"A child's learning is the function more of the characteristics of his classmates than those of the teacher." James Coleman, 1972

Thursday, December 23, 2010

UK reactions to ther low PISA scores

Letters to the editor published in the Independent (UK), Dec 14 in reaction to Britain's low scores on the PISA.

The first blames the "truculent laziness" of underclass children. The second (mine) blames poverty. The third says the Chinese do well on tests but are not creative. The fourth says we need better teachers and smaller classes and repeats the mantra that young people these days are illiterate and can't do simple math.

As usual, I included research citations with my letter. I assume the others didn't, and that the editor thought their arguments were reasonable enough for publication.

The overall heading for all four letters is unfortunate: "Children who defy teaching," implicitly agreeing with the author of the first letter.

Children who defy teaching

It is worrying that Britain's performance in education is falling relative to that of other countries, ("British schools slump in global league table", 8 December).

Look at those countries that come highest in the table. In their schools, lessons are more formal and regimented but discipline is excellent. In Britain, we are reluctant to talk about an "underclass" but we have a stratum of society in which income (wage or benefit) is low and the upbringing of children chaotic. These children are doomed from the moment they walk into school if not, indeed, from the moment that they are born.

The report suggests that the level of achievement in English and maths of the bottom 20 per cent is sufficiently low as to limit their chances of gaining employment. This is not strictly true. I have taught many pupils of very limited ability who have good personal qualities, have drawn fulsome praise whilst on work experience and have gone on to find employment. When, however, limited ability is allied with a truculent laziness and aggressive "yobbishness", then their employment prospects are bleak.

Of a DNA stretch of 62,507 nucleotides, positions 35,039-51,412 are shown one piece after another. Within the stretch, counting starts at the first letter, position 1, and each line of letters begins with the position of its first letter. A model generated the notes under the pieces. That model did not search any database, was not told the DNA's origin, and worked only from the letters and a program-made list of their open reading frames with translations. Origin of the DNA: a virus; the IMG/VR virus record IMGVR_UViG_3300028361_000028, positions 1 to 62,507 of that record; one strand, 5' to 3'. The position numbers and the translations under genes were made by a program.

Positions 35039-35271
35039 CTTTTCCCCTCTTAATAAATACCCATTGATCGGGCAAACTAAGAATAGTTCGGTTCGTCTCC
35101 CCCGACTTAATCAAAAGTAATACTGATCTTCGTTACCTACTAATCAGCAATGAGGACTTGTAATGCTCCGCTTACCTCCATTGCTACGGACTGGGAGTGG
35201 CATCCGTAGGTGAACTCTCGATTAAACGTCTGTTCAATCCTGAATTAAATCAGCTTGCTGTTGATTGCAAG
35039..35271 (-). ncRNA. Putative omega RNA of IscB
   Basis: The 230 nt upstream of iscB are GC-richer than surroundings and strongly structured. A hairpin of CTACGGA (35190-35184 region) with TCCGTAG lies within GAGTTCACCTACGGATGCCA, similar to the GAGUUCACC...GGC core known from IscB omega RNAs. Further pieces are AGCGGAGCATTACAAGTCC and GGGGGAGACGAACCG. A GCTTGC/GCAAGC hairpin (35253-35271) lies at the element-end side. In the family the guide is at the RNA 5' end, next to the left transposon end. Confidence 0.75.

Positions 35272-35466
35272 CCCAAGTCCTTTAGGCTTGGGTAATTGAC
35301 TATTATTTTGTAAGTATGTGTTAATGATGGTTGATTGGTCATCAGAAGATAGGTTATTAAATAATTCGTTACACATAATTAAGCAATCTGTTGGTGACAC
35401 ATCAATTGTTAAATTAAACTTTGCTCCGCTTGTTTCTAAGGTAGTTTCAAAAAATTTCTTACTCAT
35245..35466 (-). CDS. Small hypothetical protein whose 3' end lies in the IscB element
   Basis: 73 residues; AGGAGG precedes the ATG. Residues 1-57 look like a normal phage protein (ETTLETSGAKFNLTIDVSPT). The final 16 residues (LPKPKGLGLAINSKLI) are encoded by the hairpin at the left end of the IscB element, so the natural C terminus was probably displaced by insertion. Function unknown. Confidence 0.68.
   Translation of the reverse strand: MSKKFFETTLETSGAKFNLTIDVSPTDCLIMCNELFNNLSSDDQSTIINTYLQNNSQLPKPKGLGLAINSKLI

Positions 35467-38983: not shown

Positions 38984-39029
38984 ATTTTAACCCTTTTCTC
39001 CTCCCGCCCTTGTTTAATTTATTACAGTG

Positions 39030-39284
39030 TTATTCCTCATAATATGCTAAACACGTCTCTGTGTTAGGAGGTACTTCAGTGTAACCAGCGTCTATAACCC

The Government has little doubt where the fault for educational failure lies. Ofsted inspections are based on the principle that any child, no matter how wild, will respond with enthusiasm if only the quality of the teaching is good enough. We need to end this fiction and tackle the problem of the "underclass" in a determined manner. If we can succeed in this then improved educational performance will be just one of the benefits that society will reap.

Stephen Shaw, Nottingham

American scores on an international test of reading (the PISA) show exactly the same thing that UK scores show: children of poverty don't read very well. American students in schools with few children of poverty scored near the top of the world, those in schools with mostly high-poverty children scored near the bottom of all countries tested.

Similar to the UK results, our research also shows that middle-class English language learners often do better on reading tests than children of poverty who speak English as a first language.

The research tells us why: studies done world-wide show that high poverty means less access to books at home, in school and in the community. This results in less reading, and less reading means lower performance on reading tests.

A necessary part of the solution: more support for libraries and librarians in high-poverty areas.

Stephen Krashen, Los Angeles

Dr David Lambert's view (letter, 10 December) that the success of the Chinese education system is based on the concentration of its teaching time on the communication and the production of knowledge, explains why they are so high in global league tables.

The fact that he did not observe any scrutinising of knowledge, explains why they tend to do badly in creative subjects. These, of course, are harder to quantify and hence not included in global league tables.

Kartar Uppal, West Bromwich, West Midlands

I can't see why anyone is surprised that the standard of UK education has dropped to 25th, below countries such as Belgium, Poland and Estonia. Young shop staff can't add up the cost of a few items without using the till calculator and anyone who reads internet forums can see that most contributors are illiterate. We need better teachers and smaller classes.

Peter Bergman, Altrincham, Cheshire

1 comment:

  1. Perhaps the true problem lies in the value society places on education. Who is more important, an educator or a banker? In the U.S. children hear the mantra of "bad teachers, failing schools". How can a child respect an institution that that is not valued?